December 2016

Featuring Wlademir Dias-Pino; Anthea Hamilton; Birdhead; Jiří Černický; Body and the City – Silas Martí on three Brazilian artists whose works focuse within and around their own bodies; reviews from around the world, views from our columnists and more



Martin Herbert’s pick of ten must-see December exhibitions

Body and the City – Silas Martí on three Brazilian artists who respond to crisis and transformation in their country through works focused within and around their own bodies.

Wlademir Dias-Pino – With his enigmatic billboards scattered across Ibirapuera Park for the 32nd Bienal de São Paulo, Fernanda Brenner considers the legacy this Brazilian typographer has left to poets, artists and graphic designers in Brazil.

Anthea Hamilton – Turner Prize-nominee Anthea Hamilton talks to Helen Sumpter about sampling, collaborating, choreographing and deadpanning her way through three quintessentially British shows.

Birdhead – Aimee Lin peels through the layers of the Shanghai-based collective's giant photo matrices, which borrow from traditional calligraphy, ink painting, Japanese photography avant-garde and new technologies.

Jiří Černický – The Czech artist presents Gagarin’s Thing, a project inspired by a mysterious object allegedly found in the astronaut’s vessel Vostok 1 after his return from outer-space.

Our columnists have their say…

J.J. Charlesworth considers the British artworld’s muted response to Brexit; Jonathan T.D. Neil on Rayner Banham, Eve Babitz, Joan Didion and the changing language of LA’s freeways; Maria Lind sees new ways of working and living together in Céline Condorelli’s exhibition at Kunsthalle Lissabon; Whilst Heather Phillipson’s dog is in heat, the artist reflects on the power of pheromones and inevitability of death; and Jonathan Grossmalerman on how an artist generates forward momentum.

Our selection of reviews from around the world

Tadasu Takamine at TKG+, Taipei, by Nirmala Devi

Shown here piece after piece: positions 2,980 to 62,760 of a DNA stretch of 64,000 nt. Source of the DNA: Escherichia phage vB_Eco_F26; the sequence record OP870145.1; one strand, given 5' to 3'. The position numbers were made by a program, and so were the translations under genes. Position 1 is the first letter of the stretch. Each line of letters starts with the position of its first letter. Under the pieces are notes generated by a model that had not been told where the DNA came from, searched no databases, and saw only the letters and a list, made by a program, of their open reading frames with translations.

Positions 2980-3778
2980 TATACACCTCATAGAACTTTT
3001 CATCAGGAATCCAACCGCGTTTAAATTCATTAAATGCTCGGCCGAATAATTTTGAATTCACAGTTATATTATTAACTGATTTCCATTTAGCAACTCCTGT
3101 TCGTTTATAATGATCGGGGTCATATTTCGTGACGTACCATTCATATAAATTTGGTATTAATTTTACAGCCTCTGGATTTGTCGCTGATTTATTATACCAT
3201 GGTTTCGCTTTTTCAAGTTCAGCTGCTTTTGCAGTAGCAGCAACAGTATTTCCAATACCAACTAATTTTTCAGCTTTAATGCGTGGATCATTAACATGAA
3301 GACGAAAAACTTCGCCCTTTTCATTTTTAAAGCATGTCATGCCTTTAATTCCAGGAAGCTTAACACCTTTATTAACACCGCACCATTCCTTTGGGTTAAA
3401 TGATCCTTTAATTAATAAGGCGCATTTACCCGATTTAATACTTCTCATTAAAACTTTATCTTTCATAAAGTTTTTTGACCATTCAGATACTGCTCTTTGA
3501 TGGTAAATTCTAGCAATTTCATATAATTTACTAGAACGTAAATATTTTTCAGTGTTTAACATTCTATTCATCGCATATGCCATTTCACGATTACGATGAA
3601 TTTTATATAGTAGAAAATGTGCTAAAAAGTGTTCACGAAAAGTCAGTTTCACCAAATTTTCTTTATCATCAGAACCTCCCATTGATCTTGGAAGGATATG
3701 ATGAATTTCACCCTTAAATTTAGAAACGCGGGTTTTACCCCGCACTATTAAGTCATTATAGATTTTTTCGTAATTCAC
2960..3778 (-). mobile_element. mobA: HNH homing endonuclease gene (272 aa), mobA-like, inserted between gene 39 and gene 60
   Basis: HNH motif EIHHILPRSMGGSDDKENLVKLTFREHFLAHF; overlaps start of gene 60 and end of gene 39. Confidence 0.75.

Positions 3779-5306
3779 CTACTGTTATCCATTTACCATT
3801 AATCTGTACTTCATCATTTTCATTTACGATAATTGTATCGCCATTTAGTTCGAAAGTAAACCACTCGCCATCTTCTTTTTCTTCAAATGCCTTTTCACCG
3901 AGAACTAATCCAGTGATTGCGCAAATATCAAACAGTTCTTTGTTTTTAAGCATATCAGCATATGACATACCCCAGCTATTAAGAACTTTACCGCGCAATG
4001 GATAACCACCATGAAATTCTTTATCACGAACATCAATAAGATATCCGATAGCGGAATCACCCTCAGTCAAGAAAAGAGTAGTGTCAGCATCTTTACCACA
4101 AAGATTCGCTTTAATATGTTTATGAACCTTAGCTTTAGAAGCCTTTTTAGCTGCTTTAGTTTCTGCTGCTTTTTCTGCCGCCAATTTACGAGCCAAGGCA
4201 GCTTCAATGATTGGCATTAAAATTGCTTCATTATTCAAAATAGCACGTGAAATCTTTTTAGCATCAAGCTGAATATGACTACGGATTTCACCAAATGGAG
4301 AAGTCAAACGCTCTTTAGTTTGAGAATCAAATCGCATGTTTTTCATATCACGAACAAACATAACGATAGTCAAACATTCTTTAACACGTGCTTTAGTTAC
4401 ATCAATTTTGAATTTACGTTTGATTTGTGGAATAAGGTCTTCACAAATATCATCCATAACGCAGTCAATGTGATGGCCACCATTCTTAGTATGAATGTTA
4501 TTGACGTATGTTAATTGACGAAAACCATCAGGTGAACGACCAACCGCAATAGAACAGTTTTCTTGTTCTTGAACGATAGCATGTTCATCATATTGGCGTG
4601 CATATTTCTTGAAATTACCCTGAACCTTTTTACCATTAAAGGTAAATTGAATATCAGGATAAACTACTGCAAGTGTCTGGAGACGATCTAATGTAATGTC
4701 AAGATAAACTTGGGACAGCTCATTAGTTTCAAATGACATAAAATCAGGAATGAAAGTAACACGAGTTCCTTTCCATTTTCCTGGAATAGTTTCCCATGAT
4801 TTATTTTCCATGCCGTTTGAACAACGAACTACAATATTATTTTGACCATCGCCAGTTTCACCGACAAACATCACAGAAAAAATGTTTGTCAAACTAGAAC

curated by_vienna at various venues, Vienna, by Edward Sanderson

Thea Djordjadze at Secession, Vienna, by Kimberley Bradley

Tino Sehgal at Palais de Tokyo, Paris, by Robert Barry

Sean Landers at Capitain Petzel, Berlin, by Mark Prince

Kishio Suga at Pirelli HangarBicocca, Milan, by Barbara Casavecchia

Wiktor Gutt and Waldemar Raniszewski at Pola Magnetyczne, Warsaw, by Phoebe Blatton

Lewis Klahr at Grieder Contemporary, Zürich, by Aoife Rosenmeyer

Michael Williams at Galerie Eva Presenhuber, Zürich, by John Quin

Pio Abad at Centre for Contemporary Arts, Glasgow, by Naomi Pearce

Infinite Mix at The Store, London, by Robert Barry

Uri Aran at Sadie Coles HQ, London, by Sean Ashton

Cindy Sherman and David Salle at Skarstedt, London, by Ben Street

Allison Katz at The Approach, London, by Kiki Mazzucchelli

Nigel Cooke at Pace, London, by Brian Dillon

Philippe Parreno, a Hyundai Commission at Tate Modern, London, by Helen Sumpter

Thomas Hirschhorn at The Mistake Room, Los Angeles, by Ciara Moloney

Betye Saar at Roberts & Tilton, Los Angeles, by Jonathan Griffin

Julien Nguyen at Freedman Fitzpatrick, Los Angeles, by Dean Kissick

Erika Vogt at Overduin & Co, Los Angeles, by Jennifer Li

Liz Deschenes at Institute of Contemporary Art, Boston, by Bill Clarke

Inside: artists and writers in Reading prison at HM Prison Reading, by Fi Churchman

TOTAL PROOF: The GALA Committee 1995–1997 at Red Bull Studios New York, by David Everitt Howe

Slavs and Tatars at Tanya Bonakdar Gallery, New York, by Owen Duffy

Bruce Nauman at Sperone Westwater, New York, by Joshua Mack

K8 Hardy at Lagagareena, Los Angeles, by Andrew Berardini

32nd Bienal de São Paulo at Ciccillo Matarazzo Pavilion, São Paulo, by Stephanie Hessler

Kenji Yanobe at Takamatsu Art Museum, Japan, by Adeline Chia


Sam Korman takes on New York for the first in our new series of city-based reviews marathons – featuring heritage chickens, latex, body-awareness, the disillusioned youth and more.


The Apparently Marginal Activities of Marcel Duchamp, by Elena Filipovic

Social Medium: Artists Writing, 2000–2015, edited by Jennifer Liese

Becoming Past: History in Contemporary Art, by Jane Blocker

Dalí’s Moustache, by Boris Friedewald


A new Magritte-inspired work by Tito na Rua, the Brazil-based comics and graffiti artist; ArtReview’s backpage columnist I Kurator opens the inaugural Wuhan Biennial to nervous applause.

25 November 2016.